Author Birthdays: Eoin Colfer

Today, May 14th, is the birthday of Irish author Eoin Colfer.

Perhaps best known for his Artemis Fowl series, Colfer has been on the New York Times Best Sellers list many times over.

In 2008, Colfer wrote Airman, a teen novel which Publisher's Weekly believes is "An homage both to the 19th-century science fiction of H.G. Wells and Jules Verne, and to the superheroes of Marvel and DC comics..."

More recently Colfer has written a sixth book, And Another Thing... for Douglas Adams' Hitchhiker's Guide to the Galaxy series.

One of his most interesting recent works is the collaborative novel Click. Published in 2007, it is the work of ten well-loved authors, including Colfer. Each of the authors, including such greats as Linda Sue Park, Gregory Maguire, and Tim Wynne-Jones, wrote a chapter of the life and impact of a photographer named George Keane. Also, the royalties for the book are donated to Amnesty International.

Gunslingers and Dark Towers

Think of Clint Eastwood. Now think of King Arthur and his knights. Now think of post-apocalyptic horror stories. Now imagine all of these elements swirled into one epic series. This is The Dark Tower series by Stephen King. King has described this series as his magnum opus and has been releasing installments of it for the past 30 years. The first novel of the series, The Gunslinger, was published in 1982, and the 7th and most recent book of the series (confusingly also named The Dark Tower) was published in 2004. Suddenly, waiting a year for J.K. Rowling to release the next Harry Potter book doesn't seem like it was so bad.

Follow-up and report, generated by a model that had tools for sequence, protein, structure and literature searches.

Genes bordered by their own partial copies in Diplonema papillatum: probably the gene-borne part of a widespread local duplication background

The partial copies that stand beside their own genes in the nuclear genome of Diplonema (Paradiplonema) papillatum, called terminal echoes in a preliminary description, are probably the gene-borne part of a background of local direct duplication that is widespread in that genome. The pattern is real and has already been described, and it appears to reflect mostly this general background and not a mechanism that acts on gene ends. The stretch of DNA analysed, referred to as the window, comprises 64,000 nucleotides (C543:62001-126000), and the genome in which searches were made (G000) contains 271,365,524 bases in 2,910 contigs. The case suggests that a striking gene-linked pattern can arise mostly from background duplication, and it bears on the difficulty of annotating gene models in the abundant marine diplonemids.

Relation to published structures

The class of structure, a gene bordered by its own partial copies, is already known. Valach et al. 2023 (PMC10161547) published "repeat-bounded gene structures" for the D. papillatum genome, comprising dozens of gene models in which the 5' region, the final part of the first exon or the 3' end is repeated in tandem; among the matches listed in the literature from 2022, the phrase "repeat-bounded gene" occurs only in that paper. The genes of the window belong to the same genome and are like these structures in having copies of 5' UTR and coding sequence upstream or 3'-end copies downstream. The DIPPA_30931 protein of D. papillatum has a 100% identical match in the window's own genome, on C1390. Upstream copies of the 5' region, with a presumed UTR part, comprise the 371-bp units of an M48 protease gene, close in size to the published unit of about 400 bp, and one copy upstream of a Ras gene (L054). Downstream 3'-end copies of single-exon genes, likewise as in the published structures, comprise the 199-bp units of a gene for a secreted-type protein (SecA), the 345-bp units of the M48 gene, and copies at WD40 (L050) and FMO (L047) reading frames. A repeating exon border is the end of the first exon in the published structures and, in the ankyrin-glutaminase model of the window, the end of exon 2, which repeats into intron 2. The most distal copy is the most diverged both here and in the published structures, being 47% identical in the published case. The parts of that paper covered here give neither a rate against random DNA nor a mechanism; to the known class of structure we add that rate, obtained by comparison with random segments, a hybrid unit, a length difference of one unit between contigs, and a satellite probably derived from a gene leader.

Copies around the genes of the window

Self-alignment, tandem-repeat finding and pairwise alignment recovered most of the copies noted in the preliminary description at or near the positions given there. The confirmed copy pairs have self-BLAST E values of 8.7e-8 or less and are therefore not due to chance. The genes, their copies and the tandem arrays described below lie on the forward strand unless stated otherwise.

Marvel Comics has created an ongoing series of graphic novels based on Stephen King's original series. The comics series of The Dark Tower acts as a prequel to the main storyline of the novels. The comics tell the story of how the protagonist, Roland Deschain, becomes the man known as the gunslinger. Marvel has released four collections of The Dark Tower graphic novel series to date, which you can pick up right here at AA

A Game of Thrones

After the very suspicious death of the King’s right hand man, Lord Eddard Stark of Winterfell travels south to take over the position left by his old friend and mentor. Stark and his family soon find that subterfuge, cruelty and plots are more in fashion at court than duty and honor. Things aren’t much better at home. As winter approaches, men are disappearing, and an unknown menace stirs in the north.

A Game of Thrones is the first part of George R. R. Martin’s critically acclaimed 7 part series, A Song of Ice and Fire. So far only four of the seven have been released, but the scope and power of Martin’s writing rivals that of authors such as Robert Jordan or Margaret Weiss.